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African Tribal Tattoos

African Tribal Tattoos
Tribal tattoos are very popular all around the world. In recent times, African tribal tattoos have come into prominence. This article explains the different designs and their meanings.
Bhakti Satalkar
Pretty Young Woman
Symbols were used in different cultures as a way of telling stories, recording events, or even as a mode of basic communication. These ancient symbols are appreciated for their depth, beauty, and significance. Many of these symbols have inspired people to create designs for tattoos. Tribal designs are simple lines and patterns which have been put together in order to create a form of abstract art. A common feature of these tattoos is that they are made in solid black ink, although some artists experiment with the use of color and create a whole new range of designs.
The history of inking in Africa dates back to more than a thousand years. The oldest glimpse of body art came after the discovery of a mummy of Amunet, a priestess of the Goddess Hathor. There are simple parallel lines inked on her arms and legs, and an elliptical pattern drawn below her navel. The designs found on the mummy are said to be symbols of fertility and rejuvenation. Strangely, no male mummy with body art has been found in Egypt. However, it does not mean that male members of the African tribes did not get inked. Male mummies have been found in Libya with sun worship designs. Tattoos made as a reverence to Neith, a fierce goddess who led warriors into battle, were also found on the male mummies.

There is no use of pigment in African body art. The skin was cut open where the tattoo was to be made, and the wound was filled up with certain substance in order to cause a scar, making the cut rise up. These scarred designs represented a rite of passage, affiliation, and rank. It is often very hard to state all the reasons for tattoos, due to the great variety of tribes and people in the continent. The most common meanings include tribal hierarchy, geographical location, spiritual protection, and rite of passage.
African Tribal Tattoos
African Tribal Tattoo Designs
The history of African tattoos can be summed up in four words: animals, plants, ancestry, and spirits. These designs are the Adinkra symbols and have become popular in the West. These symbols were created by the Akan people residing in the forests of Ghana and the Gyaman of Cote D'Ivoire in West Africa. The Adinkra symbols are geometric symbols and include Adinkrahene, that are indicators of greatness of character and charisma, and Akoma, which in literal terms means 'heart' and are indicators of patience and tolerance.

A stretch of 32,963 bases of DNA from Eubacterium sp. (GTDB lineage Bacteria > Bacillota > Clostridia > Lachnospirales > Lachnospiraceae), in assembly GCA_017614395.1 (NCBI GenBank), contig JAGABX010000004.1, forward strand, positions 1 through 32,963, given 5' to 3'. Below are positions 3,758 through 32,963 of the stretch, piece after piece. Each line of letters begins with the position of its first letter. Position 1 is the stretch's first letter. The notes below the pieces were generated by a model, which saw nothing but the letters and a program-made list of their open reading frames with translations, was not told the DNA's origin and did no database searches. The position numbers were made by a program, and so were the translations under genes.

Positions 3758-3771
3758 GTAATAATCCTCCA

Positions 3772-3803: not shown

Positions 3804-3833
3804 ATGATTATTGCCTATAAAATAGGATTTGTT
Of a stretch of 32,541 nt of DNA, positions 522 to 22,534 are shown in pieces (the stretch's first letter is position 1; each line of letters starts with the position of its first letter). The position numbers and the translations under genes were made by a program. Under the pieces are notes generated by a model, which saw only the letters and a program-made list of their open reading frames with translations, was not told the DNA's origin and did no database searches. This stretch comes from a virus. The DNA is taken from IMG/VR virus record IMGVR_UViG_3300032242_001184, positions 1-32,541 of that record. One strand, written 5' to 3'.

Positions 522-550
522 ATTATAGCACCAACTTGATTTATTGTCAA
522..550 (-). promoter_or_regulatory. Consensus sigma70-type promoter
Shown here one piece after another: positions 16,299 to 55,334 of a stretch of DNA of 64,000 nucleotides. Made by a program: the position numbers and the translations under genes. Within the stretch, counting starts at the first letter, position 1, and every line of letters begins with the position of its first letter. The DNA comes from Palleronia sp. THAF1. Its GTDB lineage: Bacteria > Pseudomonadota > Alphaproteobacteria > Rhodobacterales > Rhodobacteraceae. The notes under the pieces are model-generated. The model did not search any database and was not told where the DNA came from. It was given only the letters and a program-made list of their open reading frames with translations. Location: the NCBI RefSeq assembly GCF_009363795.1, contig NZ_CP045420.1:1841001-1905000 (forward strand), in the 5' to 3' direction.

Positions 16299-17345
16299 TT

Nyame Nti  literally translated means 'by God's grace' and is a symbol of faith and trust in God. This is actually a stalk which is used to depict as the staff of life in many cultures. For Africans, it means that food is a basis of life which God has placed on Earth for the nourishment of human beings.
The 'chief of the Adinkra' symbol denotes greatness, charisma, and leadership. This symbol is known to have played an inspiring role in the design of other symbols, and signifies the importance of playing a leadership role in the society.
Linked hearts are denoted by the African symbol of Akoma Ntoso. It is said to be a symbol of understanding and agreement. Crocodiles and turtles were popular with almost all the tribal clans. Sankofa translates in English to "reach back and get it". In other words, it is a symbol of learning from the past right and wrong decisions.
Dwennimmen, or ram's horns, is a symbol of humility along with strength. They are known to fight fiercely against any adversary, but they also submit themselves humbly to slaughter which emphasizes the fact that however strong a person can be, he needs to be humble.
A crocodile, known as Denkyem, is a symbol of adaptability. The crocodile lives in the water and yet breathes the air which demonstrates its ability to adapt to circumstances. Funtunfunefu Denkyemfunefu  are the Siamese crocodiles, and are symbols of democracy and unity. Although Siamese crocodiles share one stomach, they fight over food. This symbol reminds the members of a tribe that infighting and tribalism is harmful to one and all who engage in it.
adinkra symbols of west africa 1
Research extensively to get the right design for you. Talking to the tattoo artist can also prove to be useful too.